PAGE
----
Early spring means strawberries, and the season for them is short here. Strawberries have always been my favorite fruit, but this year, they had a contender. Blackberries start showing up at farmers’ markets at the tail end of strawberry season, and they only make a few appearances before they’re gone for another year. I started looking for them about a week too early wanting to make sure I didn’t miss them. Then, at last, on a Saturday morning a couple of weeks ago, there they were in baskets all lined up and waiting, looking juicy, perfectly ripe, and ready for dessert. No disrespect to the strawberries, but I was just more eager for blackberries this year. I’d been reading the review copy I received of Farmers' Market Desserts by Jennie Schacht, and the Basket of Berries chapter had given me several good ideas. Just about any berries can be used in these desserts even though several are shown with strawberries. The strawberries and cream roll cake looked good as did the mixed berry pavlovettes with lemon-lime cream. But, when I read the recipe for the strawberry buckwheat tea cake and learned that it was made with browned butter, my decision was made. I used those prized blackberries instead of strawberries of course. The inspiration for this tea cake was strawberry and buckwheat pancakes. By adding browned butter to the cake batter, it becomes reminiscent of a buttery stack of pancakes. There’s also thick yogurt in the cake giving it great texture.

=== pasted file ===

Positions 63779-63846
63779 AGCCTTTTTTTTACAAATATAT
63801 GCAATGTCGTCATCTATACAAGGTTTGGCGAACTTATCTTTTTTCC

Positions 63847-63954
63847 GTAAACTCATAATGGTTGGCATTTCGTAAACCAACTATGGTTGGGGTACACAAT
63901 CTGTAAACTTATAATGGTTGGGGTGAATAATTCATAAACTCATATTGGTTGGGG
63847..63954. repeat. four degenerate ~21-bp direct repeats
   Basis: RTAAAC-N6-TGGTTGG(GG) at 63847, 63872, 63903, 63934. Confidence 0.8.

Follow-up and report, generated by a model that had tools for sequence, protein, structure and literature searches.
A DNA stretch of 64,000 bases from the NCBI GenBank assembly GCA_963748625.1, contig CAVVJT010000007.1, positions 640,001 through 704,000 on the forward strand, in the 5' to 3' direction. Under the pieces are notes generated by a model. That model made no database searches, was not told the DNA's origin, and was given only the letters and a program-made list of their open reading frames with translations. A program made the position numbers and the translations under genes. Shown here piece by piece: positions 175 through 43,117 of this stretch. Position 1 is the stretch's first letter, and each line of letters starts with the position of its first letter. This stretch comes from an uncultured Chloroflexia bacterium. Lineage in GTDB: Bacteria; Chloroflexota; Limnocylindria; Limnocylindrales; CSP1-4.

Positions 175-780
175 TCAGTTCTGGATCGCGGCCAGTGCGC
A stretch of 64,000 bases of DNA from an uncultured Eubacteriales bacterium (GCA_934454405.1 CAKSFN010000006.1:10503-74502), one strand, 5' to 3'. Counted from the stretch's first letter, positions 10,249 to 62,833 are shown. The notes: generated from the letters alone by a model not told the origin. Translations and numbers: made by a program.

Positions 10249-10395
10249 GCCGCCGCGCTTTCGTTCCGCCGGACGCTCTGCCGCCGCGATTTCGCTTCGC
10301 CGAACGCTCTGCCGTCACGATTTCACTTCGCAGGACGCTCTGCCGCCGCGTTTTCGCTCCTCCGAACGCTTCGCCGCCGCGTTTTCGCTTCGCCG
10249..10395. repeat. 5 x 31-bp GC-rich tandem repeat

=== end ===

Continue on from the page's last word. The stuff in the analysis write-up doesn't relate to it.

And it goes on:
The first step of this recipe is aromatherapy in the form of browning butter. One stick was melted and then swirled in the pan as it became nutty-smelling and more delicious by the minute. That was left to cool while AP flour, buckwheat flour, sugar, baking powder, baking soda, and salt were combined. Then, Greek yogurt, eggs, and vanilla were added to the butter, and that mixture was stirred into the dry ingredients. Last, the precious blackberries were folded into the batter, and the batter was spread in a square baking pan. Now, some of the berries were to be set aside and tossed with sugar so the juices would start running, and then the berries and resulting juice could be used to top the whipped cream served on the pieces of cake. I have a thing about not wanting much sugar with my berries because I like them just the way they are with a little tartness peeking through here and there. So, I left the remaining berries plain and there were no running juices to drip over the whipped cream. I did, however, follow the suggestion at the beginning of the book to add creme fraiche to the whipped cream.
The book offers ideas for fresh fruit from every season as well as dried fruits and nuts. There’s a first-prize peach pie that promises to deliver a perfect proportion of crust to filling. There’s also a sweet cornmeal cake made with fresh corn kernels and berries that I have to try while I can get local corn, and I’ve already made one of the ice cream desserts that I’ll post soon. This book may make you eager for certain growing seasons to arrive, but when they finally do, you’ll have some great desserts to make.